Illinois has seen plenty of bad news in the fiscal department in the month of November. State pension costs were apparently under-estimated in the spring budget-making process. Some fiscal experts are now saying that most of the new revenue from the income tax increase will be needed to cover that much-higher pension cost. Yet, as if that weren’t enough, discussions of tax incentives—with very large price tags—are still going on. If approved, Illinois will have another huge hole in the budget.
Against the backdrop of this financially doom-and-gloom news, there is one small, but significant, glimmer of hope.
When the General Assembly returns to Springfield on November 29, 2011, our legislators will have the opportunity to restore funding to some of the human service programs that were cut in the 2012 state budget. This is very good news for some community-based programs across the state as well as several state facilities currently slated to be closed.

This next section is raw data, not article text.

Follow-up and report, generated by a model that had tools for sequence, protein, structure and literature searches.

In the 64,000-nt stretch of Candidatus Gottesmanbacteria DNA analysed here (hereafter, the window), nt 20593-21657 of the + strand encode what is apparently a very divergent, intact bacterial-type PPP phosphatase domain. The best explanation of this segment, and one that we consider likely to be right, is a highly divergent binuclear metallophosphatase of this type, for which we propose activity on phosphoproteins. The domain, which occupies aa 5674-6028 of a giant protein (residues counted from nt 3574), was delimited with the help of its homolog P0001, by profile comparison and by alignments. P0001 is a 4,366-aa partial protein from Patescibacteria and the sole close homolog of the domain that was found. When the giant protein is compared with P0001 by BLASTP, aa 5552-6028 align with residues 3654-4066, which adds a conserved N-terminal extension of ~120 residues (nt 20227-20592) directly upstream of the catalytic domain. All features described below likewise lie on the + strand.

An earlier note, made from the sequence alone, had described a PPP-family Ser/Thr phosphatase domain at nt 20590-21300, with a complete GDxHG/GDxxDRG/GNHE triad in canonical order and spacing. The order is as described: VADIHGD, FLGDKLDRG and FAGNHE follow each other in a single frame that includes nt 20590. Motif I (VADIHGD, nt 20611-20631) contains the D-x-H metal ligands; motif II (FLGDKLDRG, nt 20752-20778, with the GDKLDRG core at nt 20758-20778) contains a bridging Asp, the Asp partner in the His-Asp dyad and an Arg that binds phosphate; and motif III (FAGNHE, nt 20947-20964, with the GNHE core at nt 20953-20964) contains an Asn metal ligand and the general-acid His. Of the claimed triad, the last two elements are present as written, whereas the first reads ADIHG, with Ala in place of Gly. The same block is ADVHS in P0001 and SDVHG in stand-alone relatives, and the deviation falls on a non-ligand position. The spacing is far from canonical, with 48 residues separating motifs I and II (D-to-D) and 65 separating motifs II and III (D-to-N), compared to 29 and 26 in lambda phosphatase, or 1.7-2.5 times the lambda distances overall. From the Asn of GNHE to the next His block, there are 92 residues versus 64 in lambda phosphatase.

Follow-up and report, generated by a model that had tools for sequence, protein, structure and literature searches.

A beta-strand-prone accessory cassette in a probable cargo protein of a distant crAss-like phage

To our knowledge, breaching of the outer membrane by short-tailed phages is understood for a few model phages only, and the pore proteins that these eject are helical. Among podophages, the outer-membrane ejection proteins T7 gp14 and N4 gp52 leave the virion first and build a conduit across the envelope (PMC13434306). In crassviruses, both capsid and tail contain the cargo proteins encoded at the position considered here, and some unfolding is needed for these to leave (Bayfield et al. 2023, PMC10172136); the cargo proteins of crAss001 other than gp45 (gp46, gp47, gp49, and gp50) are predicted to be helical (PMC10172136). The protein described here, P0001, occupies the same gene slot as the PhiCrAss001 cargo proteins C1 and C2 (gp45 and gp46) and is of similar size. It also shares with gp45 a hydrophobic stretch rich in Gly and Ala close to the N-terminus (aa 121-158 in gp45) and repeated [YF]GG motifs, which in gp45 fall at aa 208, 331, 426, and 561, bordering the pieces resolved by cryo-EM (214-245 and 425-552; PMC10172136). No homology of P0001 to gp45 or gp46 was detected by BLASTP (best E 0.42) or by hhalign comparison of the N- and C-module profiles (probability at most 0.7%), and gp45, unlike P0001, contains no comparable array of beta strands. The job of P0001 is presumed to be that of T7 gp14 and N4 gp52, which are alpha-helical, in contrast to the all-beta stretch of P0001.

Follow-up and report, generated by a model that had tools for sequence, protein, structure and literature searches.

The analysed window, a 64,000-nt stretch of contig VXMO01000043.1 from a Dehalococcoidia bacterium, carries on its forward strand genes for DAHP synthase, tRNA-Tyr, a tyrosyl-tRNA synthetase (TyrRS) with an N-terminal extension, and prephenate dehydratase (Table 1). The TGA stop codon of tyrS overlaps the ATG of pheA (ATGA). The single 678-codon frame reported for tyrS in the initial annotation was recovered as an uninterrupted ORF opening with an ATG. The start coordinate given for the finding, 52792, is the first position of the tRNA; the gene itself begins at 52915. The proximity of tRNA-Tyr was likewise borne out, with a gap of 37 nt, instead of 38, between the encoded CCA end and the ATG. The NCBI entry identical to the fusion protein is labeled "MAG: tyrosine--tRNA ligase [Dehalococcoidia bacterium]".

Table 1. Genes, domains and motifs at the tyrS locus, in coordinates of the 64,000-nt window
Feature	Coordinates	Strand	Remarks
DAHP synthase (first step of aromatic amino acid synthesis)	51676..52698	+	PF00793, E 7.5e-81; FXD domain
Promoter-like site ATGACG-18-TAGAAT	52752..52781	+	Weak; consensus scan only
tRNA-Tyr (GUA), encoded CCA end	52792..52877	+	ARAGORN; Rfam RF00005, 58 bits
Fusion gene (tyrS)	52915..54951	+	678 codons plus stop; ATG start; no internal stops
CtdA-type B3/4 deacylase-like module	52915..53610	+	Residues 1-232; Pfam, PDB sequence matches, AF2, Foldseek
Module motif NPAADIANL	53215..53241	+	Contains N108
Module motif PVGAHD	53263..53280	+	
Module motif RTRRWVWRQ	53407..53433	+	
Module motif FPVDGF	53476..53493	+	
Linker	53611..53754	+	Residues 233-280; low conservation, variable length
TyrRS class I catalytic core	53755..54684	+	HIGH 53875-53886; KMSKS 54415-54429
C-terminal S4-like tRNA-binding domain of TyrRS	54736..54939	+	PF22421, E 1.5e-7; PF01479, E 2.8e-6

The plan—being crafted by House and Senate Appropriations Chairs and their staffs—is expected to include additional funding for several critical areas: mental health grants, addiction prevention and treatment, indigent funerals and burials, emergency and transitional housing, and state facilities for persons with developmental disabilities and mental health patients. Specific amounts for these line items of the budget are still being reviewed.
There is no bill number at this time, and the details could change. Since it will be considered during the veto session, the bill must pass by three-fifths vote in both the House and the Senate. It’s too soon to celebrate, but Republican and Democratic caucuses have reportedly agreed to the basic framework of the plan, which relies on reallocated funding rather than new appropriations. Therefore, the restored funding will keep within the 2012 mandated spending cap of $33.17 billion.